Investors paying “staggering” fund fees, says robo-advisor chief

Investors paying “staggering” fund fees, says robo-advisor chief

Investors paying “staggering” fund fees, says robo-advisor chief It’s been one week since the third phase of CRM2 came to pass, bringing a great deal of discourse among the investment community about its merits or lack thereof.
Randy Cass, CEO of Canada's largest independent robo-advisor Nest Wealth, considers the measure a positive, albeit not exactly an absolute solution. 
“CRM2 is a good first step, but it doesn’t give a total amount of fees being paid,” he says.  “We now know the fees going to advisors, but that’s trailer fees and not MERs. It was our belief (at Nest Wealth) that if we created a tool to allow Canadians to know the total amount they are paying each year, it would make a big difference.”
That tool is a fund calculator which allows investors to calculate exactly how much they are paying in fees. The timing, coming hot on the heels of CRM2, means the issue was already a real talking point as the product launched this week. 
 “It was appropriate timing: we thought the industry’s attention would be focused on greater transparency on fees,” says Cass. “When we were sitting around as a company, we realized there still wasn’t an easy way for Canadians to figure out how much in total they were paying in fees.
How much in many cases is quite a bit indeed, with data from Nest Wealth showing the average Canadian household pays $323,654.40 in mutual fund fees over their lifetime. The fact that many of these people are unware they pay such a huge figure meant Cass and his firm felt they had to act.
“We asked how much the average Canadian pays each year in fees and the amount is staggering,” he says.  “We can’t wait a year for these numbers to appear on statements – that’s tens of thousands of the average person’s savings. We thought the sooner we could release this tool, the better off they’ll be.”
It’s clear that ETFs and other investment vehicles are increasing in popularity as the fee issue becomes more and more prevalent. That being said, mutual funds remain the overwhelmingly dominant investment option, which should mean the drive for greater transparency in the industry will continue on long past CRM2.
“We still have about $1.4 trillion dollars in mutual funds in Canada versus less than a tenth of that for ETFs,” says Cass. “There still is an excessively large amount of people that might be unaware of the fees they are paying and the alternatives out there like ETFs.”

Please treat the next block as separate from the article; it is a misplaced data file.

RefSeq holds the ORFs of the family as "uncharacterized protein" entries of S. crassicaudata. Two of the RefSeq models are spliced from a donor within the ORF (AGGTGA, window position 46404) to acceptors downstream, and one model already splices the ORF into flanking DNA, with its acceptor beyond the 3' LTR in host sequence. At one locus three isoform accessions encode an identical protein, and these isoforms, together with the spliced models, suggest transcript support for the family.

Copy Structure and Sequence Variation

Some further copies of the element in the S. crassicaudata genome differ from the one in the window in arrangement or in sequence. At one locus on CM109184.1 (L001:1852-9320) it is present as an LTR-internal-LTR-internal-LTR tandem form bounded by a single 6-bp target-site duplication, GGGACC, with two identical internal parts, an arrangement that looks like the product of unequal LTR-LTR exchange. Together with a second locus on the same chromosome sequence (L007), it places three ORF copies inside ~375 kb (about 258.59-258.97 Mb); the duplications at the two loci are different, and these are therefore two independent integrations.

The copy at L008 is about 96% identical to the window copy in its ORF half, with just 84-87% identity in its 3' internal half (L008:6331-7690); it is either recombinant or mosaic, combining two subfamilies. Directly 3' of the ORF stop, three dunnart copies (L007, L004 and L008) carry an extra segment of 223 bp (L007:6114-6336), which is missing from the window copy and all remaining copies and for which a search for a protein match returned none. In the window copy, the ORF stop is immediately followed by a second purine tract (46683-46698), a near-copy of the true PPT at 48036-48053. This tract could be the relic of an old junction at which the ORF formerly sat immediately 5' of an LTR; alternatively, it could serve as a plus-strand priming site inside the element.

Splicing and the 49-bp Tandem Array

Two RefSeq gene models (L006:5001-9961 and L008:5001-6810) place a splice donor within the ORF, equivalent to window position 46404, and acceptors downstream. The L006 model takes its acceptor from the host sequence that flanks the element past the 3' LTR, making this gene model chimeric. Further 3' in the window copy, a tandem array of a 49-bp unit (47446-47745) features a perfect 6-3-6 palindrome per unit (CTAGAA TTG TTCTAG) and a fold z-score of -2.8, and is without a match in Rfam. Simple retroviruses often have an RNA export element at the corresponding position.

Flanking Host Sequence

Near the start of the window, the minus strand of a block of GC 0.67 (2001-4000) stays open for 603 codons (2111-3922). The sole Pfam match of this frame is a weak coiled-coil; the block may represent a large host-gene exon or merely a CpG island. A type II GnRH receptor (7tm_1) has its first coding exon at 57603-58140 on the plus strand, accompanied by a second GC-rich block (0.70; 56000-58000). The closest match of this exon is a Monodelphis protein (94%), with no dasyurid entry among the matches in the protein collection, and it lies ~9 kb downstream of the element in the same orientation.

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  • Dan J 2016-07-22 12:20:58 PM
    Who believes $323,654.40 in fees for the average Canadian household over a lifetime is accurate?

    If those fees are 3% of assets, that means the average Canadian household invests $10,788,480 in mutual funds over a lifetime.

    What sample was used to represent the average Canadian household?

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  • Steve 2016-07-22 1:47:39 PM
    Its not a one time fee of 3%. Mgmt fees are charged daily, weekly or monthly on funds...never stops.

    $323K is probably a very low estimate. Likely low because "Average Cdn Households" includes a large percentage of households with low income and hence very low savings.

    Using an average management fee of 2% per year over 40 years on an average balance of $400K you get to about $320K. A $400K average balance would mean both spouses saving from the age of 25 to 65 a combined $800K or $400K each. That is only $10K savings per year each on average, assuming no growth in the account and income only covering the fees. Realistically, there will be income and growth so a lower savings of san average of $5K per person per year for 40 years will easily get you to $323K in fees.

    I think an average client is not a low income household and they would have both spouses saving about $800K each over 40 years, the fees the average client household will pay are around $700K combined.
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  • Steve 2016-07-22 2:04:50 PM
    To add...using Robo-advisors like JustWealth or Wealthbar reduce the fee to about 0.70% per year (0.4% for the account and 0.3% MER in the ETFs they invest in). The average household retires with at least $250K in fee savings. Plus they get professional and unbiased financial planning, unbiased insurance planning, estate planning for free. Makes a lot of sense for portfolios that are less than $1,000,000.
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